Parker v. Bounds, 329 F. Supp. 1400 (E.D.N.C. 1971)

U.S. District Court for the Eastern District of North Carolina - 329 F. Supp. 1400 (E.D.N.C. 1971)
August 11, 1971

329 F. Supp. 1400 (1971)

Carl Lynton PARKER,
Mr. V. Lee BOUNDS, Commissioner, North Carolina Department of Correction, and State of North Carolina.

Civ. No. 2801.

United States District Court, E. D. North Carolina, Raleigh Division.

August 11, 1971.

Carl Lynton Parker, per se.

Robert Morgan, Atty. Gen., Jacob L. Safron, Asst. Atty. Gen., Raleigh, N. C., for respondent.


BUTLER, Chief Judge.

This is an application for writ of habeas corpus. The facts are not in dispute. Petitioner, a state prisoner, was convicted at the September 2, 1969, Session of the Cumberland County Superior Court upon his plea of guilty to an indictment *1401 charging him with a crime against nature. The maximum statutory sentence of 10 years was imposed. Petitioner did not appeal.

Petitioner's only ground for relief is that he is entitled to credit for the time spent in jail between the time of his arrest and the time of his sentence.[1] While exhaustion of state remedies is normally a prerequisite to consideration by federal courts of habeas corpus claims, it has been held that where proceeding in the state courts would be ineffective, the exhaustion requirement is satisfied. 28 U.S.C. ยง 2254(b); Ralph v. Warden, Maryland Penitentiary, 438 F.2d 786 (4th Cir. 1970) (footnote 1); Evans v. Cunningham, 335 F.2d 491, 493 (4th Cir. 1964). Respondent correctly concedes that current North Carolina case law makes state proceedings ineffective. See, State v. Virgil, 276 N.C. 217, 172 S.E.2d 28 (1970); State v. Walker, 7 N.C. App. 548, 172 S.E.2d 881 (1970). Thus the only question presented to this court is whether one is constitutionally entitled to credit for time spent in jail prior to imposition of a state sentence.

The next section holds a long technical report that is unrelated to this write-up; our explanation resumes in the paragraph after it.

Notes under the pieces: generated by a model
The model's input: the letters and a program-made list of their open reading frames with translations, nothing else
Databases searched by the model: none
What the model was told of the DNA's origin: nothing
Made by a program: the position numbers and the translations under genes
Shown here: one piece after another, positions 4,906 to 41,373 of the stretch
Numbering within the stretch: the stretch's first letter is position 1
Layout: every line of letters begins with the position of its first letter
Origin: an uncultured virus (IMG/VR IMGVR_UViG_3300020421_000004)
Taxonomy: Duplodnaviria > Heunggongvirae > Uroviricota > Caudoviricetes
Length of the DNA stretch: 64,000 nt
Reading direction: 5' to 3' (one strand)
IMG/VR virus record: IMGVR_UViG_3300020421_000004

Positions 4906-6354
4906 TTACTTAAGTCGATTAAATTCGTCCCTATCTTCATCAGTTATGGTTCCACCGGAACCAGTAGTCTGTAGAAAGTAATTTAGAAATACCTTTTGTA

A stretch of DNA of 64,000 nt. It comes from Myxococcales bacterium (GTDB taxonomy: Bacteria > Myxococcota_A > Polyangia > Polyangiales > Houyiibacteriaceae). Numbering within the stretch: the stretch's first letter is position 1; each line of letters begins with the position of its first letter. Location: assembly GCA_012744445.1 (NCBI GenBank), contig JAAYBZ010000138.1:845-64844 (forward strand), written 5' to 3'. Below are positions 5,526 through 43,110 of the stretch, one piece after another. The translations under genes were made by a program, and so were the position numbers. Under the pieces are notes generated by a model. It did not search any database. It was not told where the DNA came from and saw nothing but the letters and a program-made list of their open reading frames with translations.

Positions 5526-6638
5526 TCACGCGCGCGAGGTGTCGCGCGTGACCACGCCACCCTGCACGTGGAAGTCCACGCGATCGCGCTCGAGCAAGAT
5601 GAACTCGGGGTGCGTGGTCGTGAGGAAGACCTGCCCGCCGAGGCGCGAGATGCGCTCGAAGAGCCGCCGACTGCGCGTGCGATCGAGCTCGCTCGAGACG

Respondent contends that whether petitioner is entitled to such credit is a matter of state law. Burns v. Crouse, 339 F.2d 883 (10th Cir. 1964), cert. den. 380 U.S. 925, 85 S. Ct. 930, 13 L. Ed. 2d 811 (1965); Gross v. Sarver, 307 F. Supp. 1105 (E.D.Ark.1970); Sanders v. South Carolina, 296 F. Supp. 563 (D. S.C.1969); Newell v. Page, 280 F. Supp. 203 (N.D.Okl.1968). See also, Arsad v. Henry, 317 F. Supp. 162 (E.D.N.C.1970). This court, however, is of the opinion that recent federal court decisions raise a question as to whether failure to give credit for pre-trial detention violates the Constitution in any of three ways: (1) Fifth and Fourteenth Amendment double jeopardy; (2) Eighth and Fourteenth Amendment cruel and unusual punishment; and (3) Fifth and Fourteenth Amendment equal protection.

It is evident that petitioner's claim raises constitutional questions. See, Wright v. Maryland Penitentiary, 429 F.2d 1101 (4th Cir. 1970). In North Carolina v. Pearce, 395 U.S. 711, 718-719, 89 S. Ct. 2072, 2077, 23 L. Ed. 2d 656 (1969), the Supreme Court held:

* * * [T]he constitutional guarantee against multiple punishments for the same offense absolutely requires that punishment already exacted must be fully "credited" in imposing sentence upon a new conviction for the same offense. * * *

Here petitioner was given the maximum sentence.[2] The Pearce rationale suggests that credit should be given for time spent in custody prior to commitment. In Culp v. Bounds, 325 F. Supp. 416 (W. D.N.C.1971), the court said: